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Are tenants required to have their own lawyers if I now retained a lawyer to substitute in?

San Jose, CA |

I retained a lawyer to substitute on my behalf to evict my clients. My lawyer filed a request for a hearing. If once we have a schedule for hearing, if the tenants do not have a lawyer to represent them, are they required to have one and will then have to resched? If so, what can I ask my lawyer to somewhat make sure it does not resched on the date of the hearing. Money is really tight that's why I trying to minimize the appearance in court of my lawyer.

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Attorney answers 3


Parties to a lawsuit are not required to have attorneys unless they are entities, like a corporation. Individual defendants are not required to have attorneys to represent them.

Preventing delay in litigation is like herding cats. Plaintiff attorneys can make lots of diligent efforts to avoid delay, and can be somewhat successful, but delay is not completely controllable.

Good luck to you.

This answer should not be construed to create any attorney-client relationship. Such a relationship can be formed only through the mutual execution of an attorney-client agreement. The answer given is based on the extremely limited facts provided and the proper course of action might change significantly with the introduction of other facts. All who read this answer should not rely on the answer to govern their conduct. Please seek the advice of competent counsel after disclosing all facts to that attorney. This answer is intended for California residents only. The answering party is only licensed to practice in the State of California.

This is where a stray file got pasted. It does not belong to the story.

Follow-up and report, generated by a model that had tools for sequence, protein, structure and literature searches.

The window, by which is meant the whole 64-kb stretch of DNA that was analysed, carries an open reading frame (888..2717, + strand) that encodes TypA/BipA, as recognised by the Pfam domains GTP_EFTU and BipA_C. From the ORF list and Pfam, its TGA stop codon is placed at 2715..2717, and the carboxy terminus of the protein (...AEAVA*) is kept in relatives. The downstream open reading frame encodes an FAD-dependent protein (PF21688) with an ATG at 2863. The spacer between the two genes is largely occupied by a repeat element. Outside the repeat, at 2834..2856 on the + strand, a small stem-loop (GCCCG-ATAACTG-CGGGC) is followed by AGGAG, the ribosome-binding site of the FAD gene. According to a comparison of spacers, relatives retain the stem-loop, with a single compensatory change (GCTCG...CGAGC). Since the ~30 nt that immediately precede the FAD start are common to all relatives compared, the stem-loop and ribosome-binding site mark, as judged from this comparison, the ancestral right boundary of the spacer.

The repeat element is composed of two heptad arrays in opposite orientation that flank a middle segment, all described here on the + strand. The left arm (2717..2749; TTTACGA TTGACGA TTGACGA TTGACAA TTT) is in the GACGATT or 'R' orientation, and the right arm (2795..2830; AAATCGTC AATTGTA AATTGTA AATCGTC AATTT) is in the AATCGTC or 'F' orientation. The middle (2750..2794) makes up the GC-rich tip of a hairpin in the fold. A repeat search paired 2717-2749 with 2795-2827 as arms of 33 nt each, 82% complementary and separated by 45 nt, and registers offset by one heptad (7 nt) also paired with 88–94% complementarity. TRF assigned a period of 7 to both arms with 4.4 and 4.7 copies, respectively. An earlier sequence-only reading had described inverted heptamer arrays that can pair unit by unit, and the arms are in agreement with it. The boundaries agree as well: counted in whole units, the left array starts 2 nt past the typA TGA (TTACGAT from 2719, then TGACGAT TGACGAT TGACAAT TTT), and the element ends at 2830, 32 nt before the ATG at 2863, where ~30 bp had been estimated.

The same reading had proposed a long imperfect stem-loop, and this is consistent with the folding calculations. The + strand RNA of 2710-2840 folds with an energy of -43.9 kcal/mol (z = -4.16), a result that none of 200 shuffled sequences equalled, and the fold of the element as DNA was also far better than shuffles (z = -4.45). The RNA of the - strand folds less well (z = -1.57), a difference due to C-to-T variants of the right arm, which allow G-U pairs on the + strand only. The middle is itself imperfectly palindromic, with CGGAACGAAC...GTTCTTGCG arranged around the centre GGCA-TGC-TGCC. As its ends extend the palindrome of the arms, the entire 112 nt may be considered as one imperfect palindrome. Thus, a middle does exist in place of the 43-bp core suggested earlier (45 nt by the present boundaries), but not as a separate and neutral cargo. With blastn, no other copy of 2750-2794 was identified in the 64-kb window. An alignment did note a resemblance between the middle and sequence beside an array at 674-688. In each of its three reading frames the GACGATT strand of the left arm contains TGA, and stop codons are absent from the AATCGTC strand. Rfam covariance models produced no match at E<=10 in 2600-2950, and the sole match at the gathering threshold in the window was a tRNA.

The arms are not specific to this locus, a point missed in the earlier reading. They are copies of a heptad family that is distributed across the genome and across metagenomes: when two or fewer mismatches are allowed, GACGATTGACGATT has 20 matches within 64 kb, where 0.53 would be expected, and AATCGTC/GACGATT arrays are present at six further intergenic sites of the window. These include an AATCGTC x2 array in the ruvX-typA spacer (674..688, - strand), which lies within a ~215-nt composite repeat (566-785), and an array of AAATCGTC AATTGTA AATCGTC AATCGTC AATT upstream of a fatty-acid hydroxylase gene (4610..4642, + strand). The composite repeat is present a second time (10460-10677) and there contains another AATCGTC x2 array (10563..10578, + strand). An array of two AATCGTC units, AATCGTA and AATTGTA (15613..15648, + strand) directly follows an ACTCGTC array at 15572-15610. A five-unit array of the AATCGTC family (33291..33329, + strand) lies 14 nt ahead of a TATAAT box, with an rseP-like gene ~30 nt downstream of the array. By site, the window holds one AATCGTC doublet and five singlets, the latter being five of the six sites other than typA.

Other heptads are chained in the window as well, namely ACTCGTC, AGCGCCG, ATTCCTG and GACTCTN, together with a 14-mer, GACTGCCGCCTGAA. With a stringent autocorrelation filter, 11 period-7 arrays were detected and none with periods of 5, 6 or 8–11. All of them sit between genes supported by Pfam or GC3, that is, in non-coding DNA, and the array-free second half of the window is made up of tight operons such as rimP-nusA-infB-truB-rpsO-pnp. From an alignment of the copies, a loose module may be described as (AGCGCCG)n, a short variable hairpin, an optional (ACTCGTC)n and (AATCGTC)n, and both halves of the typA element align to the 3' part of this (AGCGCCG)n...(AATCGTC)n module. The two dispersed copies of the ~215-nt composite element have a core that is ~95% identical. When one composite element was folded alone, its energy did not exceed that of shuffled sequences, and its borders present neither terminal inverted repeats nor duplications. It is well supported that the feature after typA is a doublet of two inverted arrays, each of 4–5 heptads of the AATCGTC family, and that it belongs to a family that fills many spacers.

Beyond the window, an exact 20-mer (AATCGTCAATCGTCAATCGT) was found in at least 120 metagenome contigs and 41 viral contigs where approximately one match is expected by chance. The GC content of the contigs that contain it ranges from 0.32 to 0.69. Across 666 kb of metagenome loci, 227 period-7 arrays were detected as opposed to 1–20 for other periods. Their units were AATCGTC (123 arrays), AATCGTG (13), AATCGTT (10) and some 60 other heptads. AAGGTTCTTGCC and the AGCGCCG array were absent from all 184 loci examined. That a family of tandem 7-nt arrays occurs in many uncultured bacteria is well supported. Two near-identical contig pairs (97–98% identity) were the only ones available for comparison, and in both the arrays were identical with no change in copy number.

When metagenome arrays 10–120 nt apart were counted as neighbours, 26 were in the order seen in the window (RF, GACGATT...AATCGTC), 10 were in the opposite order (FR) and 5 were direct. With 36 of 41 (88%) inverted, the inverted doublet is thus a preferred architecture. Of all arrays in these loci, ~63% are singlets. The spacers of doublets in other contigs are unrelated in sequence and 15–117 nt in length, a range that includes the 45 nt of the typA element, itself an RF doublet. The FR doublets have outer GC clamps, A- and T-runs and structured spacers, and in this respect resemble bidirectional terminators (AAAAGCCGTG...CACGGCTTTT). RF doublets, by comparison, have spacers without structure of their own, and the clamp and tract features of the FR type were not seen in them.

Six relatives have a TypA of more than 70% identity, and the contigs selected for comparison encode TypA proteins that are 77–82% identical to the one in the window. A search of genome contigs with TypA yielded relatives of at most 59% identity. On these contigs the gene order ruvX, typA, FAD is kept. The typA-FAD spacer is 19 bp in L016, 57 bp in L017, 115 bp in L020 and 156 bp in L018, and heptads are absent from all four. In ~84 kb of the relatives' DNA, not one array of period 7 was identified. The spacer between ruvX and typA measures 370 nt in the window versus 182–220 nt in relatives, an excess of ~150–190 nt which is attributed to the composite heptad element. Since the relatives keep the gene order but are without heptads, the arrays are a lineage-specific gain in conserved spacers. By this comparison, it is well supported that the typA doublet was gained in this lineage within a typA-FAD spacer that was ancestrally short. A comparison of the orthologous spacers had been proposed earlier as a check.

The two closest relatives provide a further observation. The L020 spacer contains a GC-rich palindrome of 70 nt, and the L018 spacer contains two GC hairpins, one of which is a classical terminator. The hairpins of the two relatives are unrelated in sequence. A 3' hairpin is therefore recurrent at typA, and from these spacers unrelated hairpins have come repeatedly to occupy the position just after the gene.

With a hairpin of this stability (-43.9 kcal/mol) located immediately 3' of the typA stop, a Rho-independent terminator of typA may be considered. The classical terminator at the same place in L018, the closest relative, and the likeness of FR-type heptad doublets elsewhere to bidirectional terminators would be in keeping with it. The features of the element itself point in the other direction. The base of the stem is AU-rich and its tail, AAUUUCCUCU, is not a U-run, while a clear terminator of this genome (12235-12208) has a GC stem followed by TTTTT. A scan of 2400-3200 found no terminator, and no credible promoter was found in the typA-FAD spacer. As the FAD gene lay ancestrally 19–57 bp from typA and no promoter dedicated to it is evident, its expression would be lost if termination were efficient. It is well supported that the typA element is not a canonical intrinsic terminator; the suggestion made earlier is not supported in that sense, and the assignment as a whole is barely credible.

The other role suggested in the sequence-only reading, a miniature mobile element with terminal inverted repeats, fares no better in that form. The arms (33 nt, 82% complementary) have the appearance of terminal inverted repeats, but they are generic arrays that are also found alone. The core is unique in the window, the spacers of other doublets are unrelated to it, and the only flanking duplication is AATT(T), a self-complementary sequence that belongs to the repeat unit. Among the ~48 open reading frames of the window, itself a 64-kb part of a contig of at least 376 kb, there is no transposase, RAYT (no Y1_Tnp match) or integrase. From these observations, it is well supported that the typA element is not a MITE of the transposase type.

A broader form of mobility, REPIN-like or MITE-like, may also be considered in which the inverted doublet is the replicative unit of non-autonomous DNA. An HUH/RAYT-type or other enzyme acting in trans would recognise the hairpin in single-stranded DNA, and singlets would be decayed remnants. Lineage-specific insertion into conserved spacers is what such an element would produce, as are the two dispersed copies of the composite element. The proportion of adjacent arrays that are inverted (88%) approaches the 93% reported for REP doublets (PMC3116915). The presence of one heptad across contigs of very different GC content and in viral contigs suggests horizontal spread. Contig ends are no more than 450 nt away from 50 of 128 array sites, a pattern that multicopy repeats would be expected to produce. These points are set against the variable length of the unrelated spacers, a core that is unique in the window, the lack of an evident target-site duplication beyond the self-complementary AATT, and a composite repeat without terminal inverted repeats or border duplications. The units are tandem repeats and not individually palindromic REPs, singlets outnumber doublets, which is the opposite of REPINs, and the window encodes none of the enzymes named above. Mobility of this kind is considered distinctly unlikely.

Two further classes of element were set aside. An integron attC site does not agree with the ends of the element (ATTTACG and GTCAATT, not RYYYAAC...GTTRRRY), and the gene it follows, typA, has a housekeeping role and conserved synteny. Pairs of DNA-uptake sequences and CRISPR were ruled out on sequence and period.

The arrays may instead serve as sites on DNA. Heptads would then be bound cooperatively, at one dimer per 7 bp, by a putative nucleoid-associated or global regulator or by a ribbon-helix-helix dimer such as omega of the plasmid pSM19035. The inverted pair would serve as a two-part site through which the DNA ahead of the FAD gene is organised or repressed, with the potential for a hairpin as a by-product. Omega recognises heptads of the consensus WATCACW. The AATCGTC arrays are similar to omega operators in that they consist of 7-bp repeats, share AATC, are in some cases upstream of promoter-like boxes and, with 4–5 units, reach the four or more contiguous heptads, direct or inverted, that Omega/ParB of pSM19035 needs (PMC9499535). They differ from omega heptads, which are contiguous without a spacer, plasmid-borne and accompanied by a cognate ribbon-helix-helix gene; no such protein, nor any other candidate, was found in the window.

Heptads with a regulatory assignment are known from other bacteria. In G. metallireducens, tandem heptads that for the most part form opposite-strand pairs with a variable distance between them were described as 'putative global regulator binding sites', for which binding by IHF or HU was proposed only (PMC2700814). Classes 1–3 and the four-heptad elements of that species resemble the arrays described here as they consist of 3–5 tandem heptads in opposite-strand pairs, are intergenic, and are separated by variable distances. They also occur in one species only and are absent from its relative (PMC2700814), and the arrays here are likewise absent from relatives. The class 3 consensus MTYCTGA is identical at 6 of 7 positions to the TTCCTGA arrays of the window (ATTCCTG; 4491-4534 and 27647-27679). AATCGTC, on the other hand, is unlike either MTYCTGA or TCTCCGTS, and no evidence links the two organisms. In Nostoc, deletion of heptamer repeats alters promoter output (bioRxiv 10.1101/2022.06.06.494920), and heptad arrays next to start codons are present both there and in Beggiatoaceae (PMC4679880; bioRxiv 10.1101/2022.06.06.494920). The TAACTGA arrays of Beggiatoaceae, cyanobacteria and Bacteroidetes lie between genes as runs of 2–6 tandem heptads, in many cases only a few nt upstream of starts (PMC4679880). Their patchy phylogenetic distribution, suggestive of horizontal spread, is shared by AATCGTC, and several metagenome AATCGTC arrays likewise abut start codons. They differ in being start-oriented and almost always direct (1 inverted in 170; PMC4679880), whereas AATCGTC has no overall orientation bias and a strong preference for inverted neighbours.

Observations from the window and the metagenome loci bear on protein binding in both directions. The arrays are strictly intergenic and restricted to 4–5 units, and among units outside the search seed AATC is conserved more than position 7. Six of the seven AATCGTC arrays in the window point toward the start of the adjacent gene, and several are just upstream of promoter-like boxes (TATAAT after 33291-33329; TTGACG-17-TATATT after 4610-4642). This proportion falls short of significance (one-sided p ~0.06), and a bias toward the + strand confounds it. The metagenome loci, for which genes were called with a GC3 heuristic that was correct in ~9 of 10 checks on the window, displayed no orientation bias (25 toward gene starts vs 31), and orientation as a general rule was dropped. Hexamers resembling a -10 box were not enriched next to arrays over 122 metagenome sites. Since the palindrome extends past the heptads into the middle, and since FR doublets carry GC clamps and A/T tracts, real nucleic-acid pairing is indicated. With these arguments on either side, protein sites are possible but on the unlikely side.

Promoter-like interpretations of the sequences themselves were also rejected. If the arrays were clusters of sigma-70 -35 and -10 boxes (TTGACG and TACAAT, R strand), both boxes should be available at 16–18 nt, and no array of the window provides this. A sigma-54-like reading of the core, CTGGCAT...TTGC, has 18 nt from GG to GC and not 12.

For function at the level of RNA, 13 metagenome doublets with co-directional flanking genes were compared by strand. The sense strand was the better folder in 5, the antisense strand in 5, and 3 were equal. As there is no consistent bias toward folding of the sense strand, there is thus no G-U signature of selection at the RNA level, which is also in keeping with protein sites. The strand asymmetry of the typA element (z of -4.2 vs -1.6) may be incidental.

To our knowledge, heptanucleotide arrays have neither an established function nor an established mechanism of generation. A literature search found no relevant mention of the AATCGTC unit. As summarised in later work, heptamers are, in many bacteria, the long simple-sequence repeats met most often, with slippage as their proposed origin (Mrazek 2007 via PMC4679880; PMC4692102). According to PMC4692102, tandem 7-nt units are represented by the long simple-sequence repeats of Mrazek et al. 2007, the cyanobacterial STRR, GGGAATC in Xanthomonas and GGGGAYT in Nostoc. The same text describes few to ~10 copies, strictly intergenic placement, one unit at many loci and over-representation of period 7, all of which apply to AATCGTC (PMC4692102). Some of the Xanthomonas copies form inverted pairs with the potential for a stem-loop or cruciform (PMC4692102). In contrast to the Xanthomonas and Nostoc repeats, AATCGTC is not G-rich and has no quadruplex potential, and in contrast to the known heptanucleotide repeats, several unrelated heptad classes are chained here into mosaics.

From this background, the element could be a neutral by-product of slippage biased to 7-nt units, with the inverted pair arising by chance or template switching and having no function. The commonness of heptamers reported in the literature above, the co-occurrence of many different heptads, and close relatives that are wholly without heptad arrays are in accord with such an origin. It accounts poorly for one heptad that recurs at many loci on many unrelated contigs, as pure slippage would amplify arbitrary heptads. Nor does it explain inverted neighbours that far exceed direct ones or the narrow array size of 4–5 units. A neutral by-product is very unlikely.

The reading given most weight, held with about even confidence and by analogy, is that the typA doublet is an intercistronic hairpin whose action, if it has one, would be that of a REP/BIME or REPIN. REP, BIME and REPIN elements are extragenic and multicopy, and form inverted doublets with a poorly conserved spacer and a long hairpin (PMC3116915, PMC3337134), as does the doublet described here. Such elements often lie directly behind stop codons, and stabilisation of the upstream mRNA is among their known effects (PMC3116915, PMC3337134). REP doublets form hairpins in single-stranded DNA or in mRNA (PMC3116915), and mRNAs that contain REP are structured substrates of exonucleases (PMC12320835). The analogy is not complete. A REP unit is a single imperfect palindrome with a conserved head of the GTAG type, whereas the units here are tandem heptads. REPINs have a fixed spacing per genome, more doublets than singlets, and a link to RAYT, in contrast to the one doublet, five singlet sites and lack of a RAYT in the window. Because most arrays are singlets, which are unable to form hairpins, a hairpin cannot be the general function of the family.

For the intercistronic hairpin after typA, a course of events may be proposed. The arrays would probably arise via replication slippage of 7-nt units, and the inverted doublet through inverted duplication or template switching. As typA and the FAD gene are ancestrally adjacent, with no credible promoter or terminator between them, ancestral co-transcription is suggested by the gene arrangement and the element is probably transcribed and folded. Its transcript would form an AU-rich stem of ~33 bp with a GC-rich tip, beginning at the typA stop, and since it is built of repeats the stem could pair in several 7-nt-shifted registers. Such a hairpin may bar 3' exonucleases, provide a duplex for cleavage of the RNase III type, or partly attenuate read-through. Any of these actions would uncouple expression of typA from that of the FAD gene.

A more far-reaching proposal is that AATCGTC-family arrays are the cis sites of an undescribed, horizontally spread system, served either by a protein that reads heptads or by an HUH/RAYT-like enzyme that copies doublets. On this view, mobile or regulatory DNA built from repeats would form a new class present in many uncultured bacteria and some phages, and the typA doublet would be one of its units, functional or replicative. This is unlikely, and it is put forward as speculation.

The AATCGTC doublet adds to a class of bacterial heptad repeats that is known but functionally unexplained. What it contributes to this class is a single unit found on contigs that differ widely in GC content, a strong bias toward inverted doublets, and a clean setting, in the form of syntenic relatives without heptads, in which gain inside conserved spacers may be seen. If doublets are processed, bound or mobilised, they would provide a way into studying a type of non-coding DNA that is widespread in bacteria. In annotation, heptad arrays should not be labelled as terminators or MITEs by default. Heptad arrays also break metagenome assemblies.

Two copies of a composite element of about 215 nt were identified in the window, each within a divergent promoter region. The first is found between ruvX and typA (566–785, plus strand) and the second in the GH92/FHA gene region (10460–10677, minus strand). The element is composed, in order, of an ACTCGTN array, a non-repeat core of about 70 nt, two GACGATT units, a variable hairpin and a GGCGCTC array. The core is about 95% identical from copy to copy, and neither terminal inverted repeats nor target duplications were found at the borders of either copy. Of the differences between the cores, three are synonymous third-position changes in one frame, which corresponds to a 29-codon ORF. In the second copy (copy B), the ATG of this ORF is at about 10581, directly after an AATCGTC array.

parties to an action can represent themselves w/o a lawyer (is called "pro se"). However, nothing can stop a judge from granting an adjournment at a hearing if the tenants show up and look like they really should have which case the judge will surely reschedule the hearing if they even whisper the words "we are looking for an attorney but need a little more time" Sorry...

This is not intended to be giving legal advice and this topic can be a complex area where the advice of an attorney should be obtained.


The tenants are not required to have an attorney just because you have one. If they show up in Court and tell the judge they need time to get an attorney, there is probably nothing you or your attorney can do to prevent that. A judge will probably grant such a request, but only for a short period of time.
I suspect that if your tenants do not have money to pay the rent (just a guess) they will not have money to pay an attorney either.
If you want to avoid making appearances in court, then ask your attorney to work something out with the tenants. Maybe you can give them a few weeks to leave in return for them agreeing to a judgment. Your attorney should be able to help you with this.

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